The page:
It was ironic how I broke my hand because all I was doing was hiking with my husband on a warm winter day. Compared to bungee jumping and running at top speed through the polar vortex snowstorm, the walk in the forest was relatively risk free. It was sunny, and the ice had melted on all of the roads. But there were still some patches of ice scattered in the forest, so we were walking slowly before it happened.

I slipped while trying to avoid a wet pile of rocks, and at first I thought I had just jammed my finger. Jumping back up, I decided to ignore the pain. This strategy worked for the rest of the hike, and it even got me through the rest of the afternoon. The "if I don't pay attention to it, it will eventually go away" idea worked until that night when all the noise of the day faded, and the pain was still there.

I wasn't prepared for the x-ray technician's pronouncement the following morning: "It looks like your hand is fractured."

I stared at my hand in disbelief. It was supposed to just be a broken finger. I couldn't afford to break my hand. How would I function? And as the hand surgeon was giving me directions about the splint and speaking to me about the surgery to pin the bone back in place, I didn't realize how limiting life was about to become.

People go through a lot worse, I told myself as I sat down at my desk that afternoon. And it was true. But my mind kept wandering back to the conversation in the doctor's office when I had asked him if I could continue training for the NYC half marathon. Could he maybe give me a waterproof, lightweight cast? Maybe one with a gortex liner?

He looked at me speechless before he patiently broke my bubble. "You're going to need to sit down with your hand elevated and rest for at least six weeks. Then you can run."

I fought relentlessly against recovery. I didn't want to rest. I didn't want to ask anyone for help.

Six weeks? I couldn't sit down for six weeks! I had five kids, a packed schedule, and a whole house to manage. And on top of that, when I had signed up for the half marathon in NYC months ago, I told myself that I would run it no matter what. Even if I had to crawl across the finish line.

Over the next few days, I fought relentlessly against recovery. I didn't want to sit. I didn't want to rest. I didn't want to ask anyone for help. I wanted to run. I wanted to pick up my three-year-old from school and take him to the playground. I wanted to cook dinner and write articles and fix other people's problems.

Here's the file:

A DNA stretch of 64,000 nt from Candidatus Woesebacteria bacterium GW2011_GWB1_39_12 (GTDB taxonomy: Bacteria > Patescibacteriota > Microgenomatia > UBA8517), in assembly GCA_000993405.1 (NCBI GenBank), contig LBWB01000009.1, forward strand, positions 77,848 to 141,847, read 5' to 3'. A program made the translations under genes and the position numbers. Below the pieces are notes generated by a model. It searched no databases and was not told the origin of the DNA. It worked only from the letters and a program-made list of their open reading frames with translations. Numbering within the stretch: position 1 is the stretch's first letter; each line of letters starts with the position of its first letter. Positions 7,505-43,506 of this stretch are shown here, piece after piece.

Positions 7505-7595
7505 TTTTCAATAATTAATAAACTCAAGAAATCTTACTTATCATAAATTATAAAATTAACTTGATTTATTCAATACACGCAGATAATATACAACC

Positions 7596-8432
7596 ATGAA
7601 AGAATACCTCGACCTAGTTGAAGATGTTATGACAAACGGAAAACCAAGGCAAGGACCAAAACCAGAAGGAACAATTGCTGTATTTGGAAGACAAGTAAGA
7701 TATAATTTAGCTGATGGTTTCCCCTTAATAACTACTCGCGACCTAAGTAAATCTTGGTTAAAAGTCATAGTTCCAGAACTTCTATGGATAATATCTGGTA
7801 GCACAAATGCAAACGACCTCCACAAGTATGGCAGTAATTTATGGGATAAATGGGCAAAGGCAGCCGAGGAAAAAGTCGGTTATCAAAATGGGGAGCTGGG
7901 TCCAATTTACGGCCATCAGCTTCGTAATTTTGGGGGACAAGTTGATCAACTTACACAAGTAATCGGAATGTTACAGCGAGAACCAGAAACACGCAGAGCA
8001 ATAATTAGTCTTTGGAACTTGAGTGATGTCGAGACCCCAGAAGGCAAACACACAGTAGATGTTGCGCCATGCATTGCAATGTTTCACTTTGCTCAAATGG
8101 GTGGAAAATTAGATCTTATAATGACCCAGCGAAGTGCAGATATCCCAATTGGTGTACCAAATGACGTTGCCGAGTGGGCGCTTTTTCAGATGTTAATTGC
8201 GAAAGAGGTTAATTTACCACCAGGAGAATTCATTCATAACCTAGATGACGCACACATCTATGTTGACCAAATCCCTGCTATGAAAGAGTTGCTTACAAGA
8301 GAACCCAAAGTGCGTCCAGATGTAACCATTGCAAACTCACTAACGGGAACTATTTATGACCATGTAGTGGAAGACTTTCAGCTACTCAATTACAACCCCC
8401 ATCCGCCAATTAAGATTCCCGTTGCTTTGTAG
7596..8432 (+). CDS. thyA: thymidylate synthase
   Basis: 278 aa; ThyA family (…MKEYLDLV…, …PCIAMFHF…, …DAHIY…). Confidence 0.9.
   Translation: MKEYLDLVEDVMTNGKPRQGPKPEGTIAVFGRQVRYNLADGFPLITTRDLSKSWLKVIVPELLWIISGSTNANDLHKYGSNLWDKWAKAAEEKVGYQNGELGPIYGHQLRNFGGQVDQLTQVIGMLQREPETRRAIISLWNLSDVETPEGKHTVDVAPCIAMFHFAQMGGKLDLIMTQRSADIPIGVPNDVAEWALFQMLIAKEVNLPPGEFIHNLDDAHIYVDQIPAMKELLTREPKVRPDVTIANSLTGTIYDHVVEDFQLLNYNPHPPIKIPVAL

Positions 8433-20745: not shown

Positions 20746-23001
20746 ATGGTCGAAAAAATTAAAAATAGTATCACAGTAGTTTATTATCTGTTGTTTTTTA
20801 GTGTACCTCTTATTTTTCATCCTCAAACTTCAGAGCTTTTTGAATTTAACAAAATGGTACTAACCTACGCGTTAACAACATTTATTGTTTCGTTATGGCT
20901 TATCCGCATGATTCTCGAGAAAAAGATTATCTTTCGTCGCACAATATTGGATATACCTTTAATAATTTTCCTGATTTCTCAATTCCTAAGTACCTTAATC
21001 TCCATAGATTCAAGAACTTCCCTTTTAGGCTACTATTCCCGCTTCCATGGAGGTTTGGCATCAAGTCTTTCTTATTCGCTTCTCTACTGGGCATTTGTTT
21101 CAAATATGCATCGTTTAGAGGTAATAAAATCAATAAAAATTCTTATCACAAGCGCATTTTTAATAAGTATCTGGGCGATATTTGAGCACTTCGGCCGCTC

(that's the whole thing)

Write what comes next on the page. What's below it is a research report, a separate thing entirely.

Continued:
But I couldn't even open a Sippy cup with one hand. I couldn't slice vegetables. I couldn't fasten the seatbelt on my son's car seat. I kept trying to pretend everything was the same just with a splint on my hand. It wasn't.

The day before the hand surgery I was sitting on the bottom of the steps trying to tie my sneakers with one hand. I was having a very hard time. I started to cry. Small, silent tears that I wiped away furiously. I didn't want this. This was not part of the plan.

I started blaming myself. Why did I go out on a hike in the middle of the winter? What was I thinking?

Then I began blaming my husband. Wasn't he the one who convinced me to hike that day? It's all his fault.

And then I switched to blaming the doctor. Couldn't he fix this sooner? Couldn't he just give me a really strong, protective cast that would let me ignore my injury until it healed?

I finally managed to tie my laces and I put my head down into my lap. Exhausted, I held my aching, splinted hand and blamed God. Why are You doing this to me? My hand isn’t supposed to break from one little fall in the woods. Why didn't You catch me? You know that I can't live like this. Why did You give me all this fire inside and then block my way?

I sat looking at my sneakers and at my useless hand by my side. I knew what I needed to do, but I didn't want to do it. Deep inside I knew that God wasn't blocking my way. He was asking me to train in a different way. To push through the greatest resistance: myself.

As I forced myself to ask for help, I thought of the millions of disabled people across the world. Is this what life is like for them every day? I couldn't believe that I had never really appreciated my hand, never marveled at how it reached and held and grasped onto life.

That’s when I finally looked at myself and saw the barriers inside of me. I saw the impatience and the fierce need to be in control and to plan my days, my months, my years. I saw the contours of my bucket list and how they left so little room for taking a step back, for connecting, for elevating.

There are so many things in life that are bigger than me.

I began to train the voice inside of me that clamored still for attention: "Do it yourself. It's only a broken hand. You can break open that package with your teeth. What's the big deal?" I slowly learned to ignore that voice, to turn to my seven-year-old and ask him to open the coffee jar and see the delight in his eyes when he helped me. I learned to give my toddler a chance to get dressed by himself. To give my teenager a chance to cook her first dinner. To give my husband a chance to take over. I learned, over and over again, to step back.

I realized that there are so many things in life that are bigger than me. I am finding a way to crawl across the finish line of my heart, crashing through the final barrier as I whisper, Thank You for holding my broken hand.